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Re: [school-discuss] Web-based School Administration...
>> It is not web based. Its database (firebird - robust - powerful - free)
sits protected inside your firewall. I have yet to see a web based system
that adequately address the security problems of having your mission
critical data outside your firewall (even if it inside, a hole exists, it
has to). Is it possible to setup a secure system? Probably. See e-weeks open
hack competition, where experts secure an exposed database.
>> After reading the e-week competition, ask yourself if your school or any
school has or can afford that level of expertise, never mind some very
expensive databases. I have spent over 20 years in school data processing
and even in school districts with 100+ schools, I have never seen it.
I agree it is very challenging for a school tech administrator to properly
secure and maintain a web-based student administration system. If someone
hacks into our software, we get blamed anyway even if the local
administrator leaves things wide-open, so take responsibility for the
security up-front. We offer a service to our customers where we remotely
manage and maintain all equipment and provide off-site backups of all data.
We spec-out and buy the hardware, assess and fix their data-center network,
install the server, and lock it down, and pro-actively patch it and so far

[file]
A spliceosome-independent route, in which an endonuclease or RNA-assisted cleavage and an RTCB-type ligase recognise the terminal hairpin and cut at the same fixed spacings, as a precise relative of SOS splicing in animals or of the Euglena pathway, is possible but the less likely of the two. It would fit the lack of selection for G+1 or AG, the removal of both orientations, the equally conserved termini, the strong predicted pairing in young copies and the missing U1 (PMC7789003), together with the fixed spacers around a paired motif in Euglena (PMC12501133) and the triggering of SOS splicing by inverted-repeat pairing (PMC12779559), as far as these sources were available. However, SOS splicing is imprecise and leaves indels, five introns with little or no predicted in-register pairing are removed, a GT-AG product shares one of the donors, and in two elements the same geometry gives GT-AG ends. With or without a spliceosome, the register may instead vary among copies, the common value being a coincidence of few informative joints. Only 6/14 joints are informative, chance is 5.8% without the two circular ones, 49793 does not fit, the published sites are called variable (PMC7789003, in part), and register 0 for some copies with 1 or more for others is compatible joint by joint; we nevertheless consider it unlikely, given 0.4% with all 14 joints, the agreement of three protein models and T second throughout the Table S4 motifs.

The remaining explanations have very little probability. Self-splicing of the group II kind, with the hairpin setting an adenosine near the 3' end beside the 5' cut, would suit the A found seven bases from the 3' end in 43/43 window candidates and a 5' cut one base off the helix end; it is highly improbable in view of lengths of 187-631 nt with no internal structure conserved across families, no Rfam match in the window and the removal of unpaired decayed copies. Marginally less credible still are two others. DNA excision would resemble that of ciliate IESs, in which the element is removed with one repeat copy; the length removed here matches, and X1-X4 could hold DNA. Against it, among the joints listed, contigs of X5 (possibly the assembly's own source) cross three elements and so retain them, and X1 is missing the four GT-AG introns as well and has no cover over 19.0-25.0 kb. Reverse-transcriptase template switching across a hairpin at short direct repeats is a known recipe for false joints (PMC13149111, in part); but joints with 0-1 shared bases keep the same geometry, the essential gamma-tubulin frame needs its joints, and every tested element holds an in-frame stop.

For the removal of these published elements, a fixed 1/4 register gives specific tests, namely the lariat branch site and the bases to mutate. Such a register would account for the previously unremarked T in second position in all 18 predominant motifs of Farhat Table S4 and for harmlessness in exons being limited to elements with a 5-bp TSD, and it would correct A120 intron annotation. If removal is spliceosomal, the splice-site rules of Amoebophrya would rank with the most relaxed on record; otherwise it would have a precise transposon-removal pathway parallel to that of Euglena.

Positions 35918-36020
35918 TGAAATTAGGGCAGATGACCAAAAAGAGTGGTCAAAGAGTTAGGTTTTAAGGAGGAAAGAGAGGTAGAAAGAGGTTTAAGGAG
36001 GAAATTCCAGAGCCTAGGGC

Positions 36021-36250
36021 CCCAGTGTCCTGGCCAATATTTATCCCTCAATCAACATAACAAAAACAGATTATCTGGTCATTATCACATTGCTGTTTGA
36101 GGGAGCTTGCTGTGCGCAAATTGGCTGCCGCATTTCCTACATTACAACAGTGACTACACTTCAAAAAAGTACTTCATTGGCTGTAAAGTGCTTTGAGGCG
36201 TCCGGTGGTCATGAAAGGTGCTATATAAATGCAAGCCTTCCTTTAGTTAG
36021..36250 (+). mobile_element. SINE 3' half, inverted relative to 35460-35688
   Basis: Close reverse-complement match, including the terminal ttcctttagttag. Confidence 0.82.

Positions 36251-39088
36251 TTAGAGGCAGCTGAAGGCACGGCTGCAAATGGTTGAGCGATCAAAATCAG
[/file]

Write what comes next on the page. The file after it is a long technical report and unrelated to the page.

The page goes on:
we've been able to avoid all the worms, and we have never had a technical
As far as databases go, we use SQL Server, and I am very happy with it. Its
impressive to see 100k+ student districts and states running hundreds of
transactions per second. At times we have managed to push SQL Server to its
limits, and we have not been able to get that kind of output out of any of
the open source databases. At $2k per processor its kinda affordable, but
we would love to be able to drop all Microsoft products from our app. DB2
and Oracle are really the only other alternatives. We could embed Oracle in
our product for 5% of our license cost (but they block out odbc/jdbc access
to the db from everything except out app). DB2 doesn't have a
price-competitive model on servers of 2+ processors, but we are trying to
work with them to get a deal. What is the largest district you have scaled
firebird up to?
>> What does a web interface do for a developer? It gives him less interface
tools to work with. Anything a web interface can do (UI speaking) a regular
GUI can, but the reverse is not true. It adds complexity because it must
maintain a stateless connection and complexity means bugs. The only positive
advantage is that it is cross platform (at least potentially). Heck I use
Mozzilla, but I have to keep IE around because some web sites require it.
Most web interfaces are really crappy, and a webmaster with a graphics
degree makes a poor software engineer. Most people don't realize that a web
application does not have to be built like a web site. The challenge is to
design an effective GUI where users forget that they are using an html-based
application, and it rarely takes a full request/response for user
interaction. We have dynamic spreadsheet data editors, popup spellchecking,
pdf printed output via xsl:fo, keyboard shortcuts for navigation and
data-entry, and input validation on everything. Coding for browser and Mac
compatibility is more of an annoyance than a challenge.
An elegant implementation of a web interface can give you all the web
advantages, without the penalties.